At Camp DaKaNi, the pizza isn’t just pizza. It’s a teaching tool.
This summer, about 1,300 children signed up to roam the 33-acre site where things are rarely as they seem — from the rock wall to the archery range to the lunch food. But the kids don’t know that.
Located in Oklahoma City, Camp Fire Heart of Oklahoma’s Camp DaKaNi aims to help campers find themselves and learn life skills through activities disguised as fun.
The last summer day camp of the season begins Monday. About 200 children attend each of the summer day camp sessions, which last for four days and run from 9 a.m. to 3:30 p.m., said camp director Penn Henthorn, known as Mr. Bearfoot.
Almost everything that happens in camp, from the structured activities to the children’s creative play time, is a teachable moment from which some life skill can be learned, Henthorn said.
When campers fish at the pond, they’re not just learning to fish; they’re learning patience. When they’re canoeing, they’re learning to listen and work as team.
When camp counselor Andrew Tucker, known as Mr. Pilot, was teaching a group of young campers to canoe, he gave them basic steering information and a mission: They had to paddle the canoe around the pond and under the bridge that sits in the middle, and they had to do it twice.
After receiving instructions, the first group got into the water, which is only about 3 feet deep, with life vests and paddles, and was off. They started out slowly, and their uncoordinated paddling made the boat go in circles, but they finally got into a rhythm and passed under the bridge for the first time.
Standing away from the pond near some shade trees was camp counselor Michael Thomas, known as Mr. Scottish.
“It’s weird how quickly they all kind of realize right and wrong,” he said.
Sitting near Thomas and waiting their turn were twins Steven and Dominik Morrison, 6. When the first group finished, Tucker called for the two, but Dominik didn’t want to canoe — and that’s fine too.
“We don’t push them to go to the absolute max. We push them to their own max, whatever they feel comfortable with,” Thomas said.
Dominik said his favorite camp activity was Ga-Ga, a game where campers face off in a wooden octagon filled with sand.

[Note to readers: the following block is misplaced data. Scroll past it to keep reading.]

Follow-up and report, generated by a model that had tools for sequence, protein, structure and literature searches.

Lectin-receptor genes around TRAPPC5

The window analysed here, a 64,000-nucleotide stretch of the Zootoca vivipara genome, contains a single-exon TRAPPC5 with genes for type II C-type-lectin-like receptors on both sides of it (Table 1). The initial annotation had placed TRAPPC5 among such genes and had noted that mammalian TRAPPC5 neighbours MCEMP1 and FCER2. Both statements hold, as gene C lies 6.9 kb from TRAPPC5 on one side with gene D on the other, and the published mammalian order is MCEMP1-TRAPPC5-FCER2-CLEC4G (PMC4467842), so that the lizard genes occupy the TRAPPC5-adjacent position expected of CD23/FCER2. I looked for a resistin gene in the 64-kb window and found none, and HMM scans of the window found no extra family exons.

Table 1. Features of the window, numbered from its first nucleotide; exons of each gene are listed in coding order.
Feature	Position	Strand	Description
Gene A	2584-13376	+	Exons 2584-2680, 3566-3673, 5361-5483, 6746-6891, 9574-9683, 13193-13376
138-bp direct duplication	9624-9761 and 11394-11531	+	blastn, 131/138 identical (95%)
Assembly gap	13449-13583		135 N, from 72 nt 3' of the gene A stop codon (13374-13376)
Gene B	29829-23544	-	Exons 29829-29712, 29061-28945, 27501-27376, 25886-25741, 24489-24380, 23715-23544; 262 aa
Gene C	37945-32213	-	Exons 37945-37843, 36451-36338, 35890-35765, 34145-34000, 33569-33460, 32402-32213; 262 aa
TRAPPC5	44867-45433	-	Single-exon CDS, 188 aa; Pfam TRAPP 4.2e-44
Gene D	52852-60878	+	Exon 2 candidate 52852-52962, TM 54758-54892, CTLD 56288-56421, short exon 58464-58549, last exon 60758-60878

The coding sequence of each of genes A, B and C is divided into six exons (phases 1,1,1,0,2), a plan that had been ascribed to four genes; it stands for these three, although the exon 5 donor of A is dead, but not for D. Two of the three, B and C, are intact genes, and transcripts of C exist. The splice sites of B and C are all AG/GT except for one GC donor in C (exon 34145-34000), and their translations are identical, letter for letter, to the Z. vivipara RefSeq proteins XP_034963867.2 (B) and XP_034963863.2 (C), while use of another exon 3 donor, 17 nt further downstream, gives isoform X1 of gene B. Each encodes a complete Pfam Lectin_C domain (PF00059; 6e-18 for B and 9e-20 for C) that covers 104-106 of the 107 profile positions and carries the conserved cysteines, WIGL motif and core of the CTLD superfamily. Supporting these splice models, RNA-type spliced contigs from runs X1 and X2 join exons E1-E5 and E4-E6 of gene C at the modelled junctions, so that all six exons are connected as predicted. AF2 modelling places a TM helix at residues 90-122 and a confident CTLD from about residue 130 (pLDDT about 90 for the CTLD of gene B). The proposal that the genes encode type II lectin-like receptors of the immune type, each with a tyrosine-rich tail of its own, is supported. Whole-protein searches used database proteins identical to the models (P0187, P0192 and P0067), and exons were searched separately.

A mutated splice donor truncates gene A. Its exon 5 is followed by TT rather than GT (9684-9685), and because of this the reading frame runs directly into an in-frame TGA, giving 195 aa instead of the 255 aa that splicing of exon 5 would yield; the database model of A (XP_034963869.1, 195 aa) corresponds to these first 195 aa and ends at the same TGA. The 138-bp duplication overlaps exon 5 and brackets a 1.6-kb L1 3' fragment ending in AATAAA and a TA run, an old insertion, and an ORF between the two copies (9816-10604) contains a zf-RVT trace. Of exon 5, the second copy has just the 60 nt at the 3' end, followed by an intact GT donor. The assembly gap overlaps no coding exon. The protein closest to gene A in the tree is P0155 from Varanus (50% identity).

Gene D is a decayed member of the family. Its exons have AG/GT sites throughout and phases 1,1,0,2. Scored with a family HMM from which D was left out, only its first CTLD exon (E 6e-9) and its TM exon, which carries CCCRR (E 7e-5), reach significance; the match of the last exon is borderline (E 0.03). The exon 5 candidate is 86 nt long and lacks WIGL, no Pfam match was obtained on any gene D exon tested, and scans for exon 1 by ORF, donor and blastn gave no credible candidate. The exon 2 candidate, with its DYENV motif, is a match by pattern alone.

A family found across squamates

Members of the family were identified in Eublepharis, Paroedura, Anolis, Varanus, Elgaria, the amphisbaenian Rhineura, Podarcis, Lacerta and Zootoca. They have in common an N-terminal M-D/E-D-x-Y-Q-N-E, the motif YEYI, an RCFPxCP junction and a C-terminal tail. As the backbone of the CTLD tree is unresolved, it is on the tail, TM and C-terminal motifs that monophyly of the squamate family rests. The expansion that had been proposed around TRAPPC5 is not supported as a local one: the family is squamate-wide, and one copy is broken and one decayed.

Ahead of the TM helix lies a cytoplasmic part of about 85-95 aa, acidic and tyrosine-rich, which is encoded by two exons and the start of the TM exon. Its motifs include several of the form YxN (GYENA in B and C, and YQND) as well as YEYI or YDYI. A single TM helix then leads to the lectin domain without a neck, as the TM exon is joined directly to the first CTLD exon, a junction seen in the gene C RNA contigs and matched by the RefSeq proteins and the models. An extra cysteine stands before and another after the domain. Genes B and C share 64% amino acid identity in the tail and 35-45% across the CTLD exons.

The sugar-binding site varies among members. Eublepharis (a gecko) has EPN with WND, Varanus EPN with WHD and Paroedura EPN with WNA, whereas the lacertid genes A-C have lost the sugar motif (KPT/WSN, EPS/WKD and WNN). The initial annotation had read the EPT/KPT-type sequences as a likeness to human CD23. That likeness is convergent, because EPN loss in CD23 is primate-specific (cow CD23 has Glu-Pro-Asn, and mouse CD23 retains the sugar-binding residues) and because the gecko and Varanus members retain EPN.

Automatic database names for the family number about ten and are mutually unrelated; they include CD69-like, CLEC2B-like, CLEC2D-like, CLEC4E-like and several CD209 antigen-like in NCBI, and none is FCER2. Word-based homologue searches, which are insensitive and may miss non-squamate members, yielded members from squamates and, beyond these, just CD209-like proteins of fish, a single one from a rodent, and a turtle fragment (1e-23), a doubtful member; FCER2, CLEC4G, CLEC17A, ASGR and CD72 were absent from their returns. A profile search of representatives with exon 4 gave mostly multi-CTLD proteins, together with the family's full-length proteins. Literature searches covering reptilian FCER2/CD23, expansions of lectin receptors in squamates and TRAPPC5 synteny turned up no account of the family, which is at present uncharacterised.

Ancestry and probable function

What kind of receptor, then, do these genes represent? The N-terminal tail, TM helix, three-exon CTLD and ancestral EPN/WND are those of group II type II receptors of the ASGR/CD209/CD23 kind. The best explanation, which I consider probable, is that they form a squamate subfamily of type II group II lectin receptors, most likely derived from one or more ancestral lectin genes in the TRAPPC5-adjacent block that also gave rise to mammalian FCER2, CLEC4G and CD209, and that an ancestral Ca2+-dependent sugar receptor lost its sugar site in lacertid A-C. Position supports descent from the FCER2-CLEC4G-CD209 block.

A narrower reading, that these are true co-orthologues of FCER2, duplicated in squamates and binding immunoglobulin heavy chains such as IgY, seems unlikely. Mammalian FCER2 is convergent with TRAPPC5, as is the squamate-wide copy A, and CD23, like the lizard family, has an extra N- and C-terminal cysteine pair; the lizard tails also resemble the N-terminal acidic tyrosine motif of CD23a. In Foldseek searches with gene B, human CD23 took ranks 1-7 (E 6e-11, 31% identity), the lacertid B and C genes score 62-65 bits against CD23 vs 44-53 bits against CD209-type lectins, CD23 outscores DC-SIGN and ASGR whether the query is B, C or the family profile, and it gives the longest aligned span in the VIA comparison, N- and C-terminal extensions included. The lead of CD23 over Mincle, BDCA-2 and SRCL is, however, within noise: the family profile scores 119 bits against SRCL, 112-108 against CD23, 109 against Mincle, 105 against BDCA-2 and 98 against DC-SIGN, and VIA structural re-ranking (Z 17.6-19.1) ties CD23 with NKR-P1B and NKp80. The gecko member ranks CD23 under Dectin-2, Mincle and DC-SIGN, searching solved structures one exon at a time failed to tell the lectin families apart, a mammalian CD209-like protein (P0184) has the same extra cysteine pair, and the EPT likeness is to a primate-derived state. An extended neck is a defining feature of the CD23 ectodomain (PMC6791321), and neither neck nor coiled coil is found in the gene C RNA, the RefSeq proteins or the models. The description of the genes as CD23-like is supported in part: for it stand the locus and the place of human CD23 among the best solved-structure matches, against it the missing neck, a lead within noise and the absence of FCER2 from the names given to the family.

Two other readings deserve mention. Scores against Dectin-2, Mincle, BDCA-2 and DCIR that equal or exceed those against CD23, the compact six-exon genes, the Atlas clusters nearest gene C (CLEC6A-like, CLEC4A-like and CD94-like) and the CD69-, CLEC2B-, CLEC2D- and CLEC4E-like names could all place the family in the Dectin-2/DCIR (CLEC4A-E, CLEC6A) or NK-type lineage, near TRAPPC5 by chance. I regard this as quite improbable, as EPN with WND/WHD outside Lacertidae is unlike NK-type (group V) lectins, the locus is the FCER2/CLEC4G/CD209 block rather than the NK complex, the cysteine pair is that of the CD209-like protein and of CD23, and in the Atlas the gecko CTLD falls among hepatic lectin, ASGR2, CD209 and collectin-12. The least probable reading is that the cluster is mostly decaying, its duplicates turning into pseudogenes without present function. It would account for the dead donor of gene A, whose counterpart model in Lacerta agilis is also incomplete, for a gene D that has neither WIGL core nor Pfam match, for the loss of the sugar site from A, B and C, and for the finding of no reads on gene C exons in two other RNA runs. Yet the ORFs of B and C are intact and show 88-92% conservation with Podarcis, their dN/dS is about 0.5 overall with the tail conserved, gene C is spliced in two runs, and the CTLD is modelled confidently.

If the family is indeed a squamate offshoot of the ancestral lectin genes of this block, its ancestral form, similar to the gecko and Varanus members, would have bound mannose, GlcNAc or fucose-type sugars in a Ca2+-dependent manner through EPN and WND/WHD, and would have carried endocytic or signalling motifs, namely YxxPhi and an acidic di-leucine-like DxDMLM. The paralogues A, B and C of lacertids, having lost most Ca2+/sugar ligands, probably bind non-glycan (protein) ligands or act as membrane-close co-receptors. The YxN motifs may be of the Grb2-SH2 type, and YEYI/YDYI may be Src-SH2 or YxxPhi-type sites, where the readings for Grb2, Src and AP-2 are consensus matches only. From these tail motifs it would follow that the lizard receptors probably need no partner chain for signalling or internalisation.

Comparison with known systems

“There’s a bunch of people. But when everybody is going, all of the people come out, even one teacher,” Dominik said.
The game is a mixture of dodge ball and four square, and the object is to hit players below the waist with a ball, which players can only bounce once. Sometimes more than 40 children play at once, Henthorn said.
Lessons in disguise
Ga-Ga is a fairly new game at the camp, and while Henthorn knew the children would enjoy playing, he didn’t know how social it would be. It was another one of those life lessons in disguise. This time the children were learning how to interact with age groups of children they typically wouldn’t, Henthorn said.
“They start to know other kids outside of their group and learn and explore a little bit differently,” Henthorn said.
The game also helps teach the children inclusivity, which is a major part of Camp Fire’s mission, Henthorn said.
Camp Fire, which was once Camp Fire Girls, was once only open to girls. It is now open to all children, no matter race, gender, creed, religion, national origin, orientation, disability or economic status.
On the other side of the camp, in an area marked “Wetland Conservation Area,” five targets are set up for the children to learn archery. The range was relocated to the former wetlands area after flooding washed away the area’s topsoil, preventing it from holding water.
“So far, I’m the only kid that’s got a bull’s-eye,” said camper Liam Rahlfs, 9, as he waited for the rest of his group to finish the activity. Another child shot a bull’s-eye a few seconds later.
When children are learning archery, they are not only learning shooting techniques but also patience and how to make adjustments until you succeed — whether that is hitting the target or something else, Henthorn said.
Archery is “not a skill you’re going to use day in and day out. But the things you use to accomplish that goal, you’re going to use day in and day out,” Henthorn said.
And the pizza?
It’s made on a whole-grain tortilla with pizza sauce, low-fat cheese and pepperoni, making it a healthier option for the children. And they help prepare it.
“Kids don’t really recognize all that. Just making it yourself makes it taste better,” Henthorn said.
At a glance
The camp is accredited by the American Camp Association, meaning it must meet 300 standards that range from safety to program quality. For more information about those standards, go to acacamps.org.
The camp is open throughout the year for day camps and education programs, and it hosts a resident camp during the summer. A complete list of programs can be found on the website at campdakani.org.
The next camp session is Camp C.A.N.O.E., from July 21 to 25. It is open to children with autism.
To register for sessions or for more information, contact the camp at 254-2080 or email@example.com.
How to help
To donate funds to Camp Fire Heart of Oklahoma, go to their website at campdakani.org. Donations are used to pay for camp improvements, updated equipment and staff.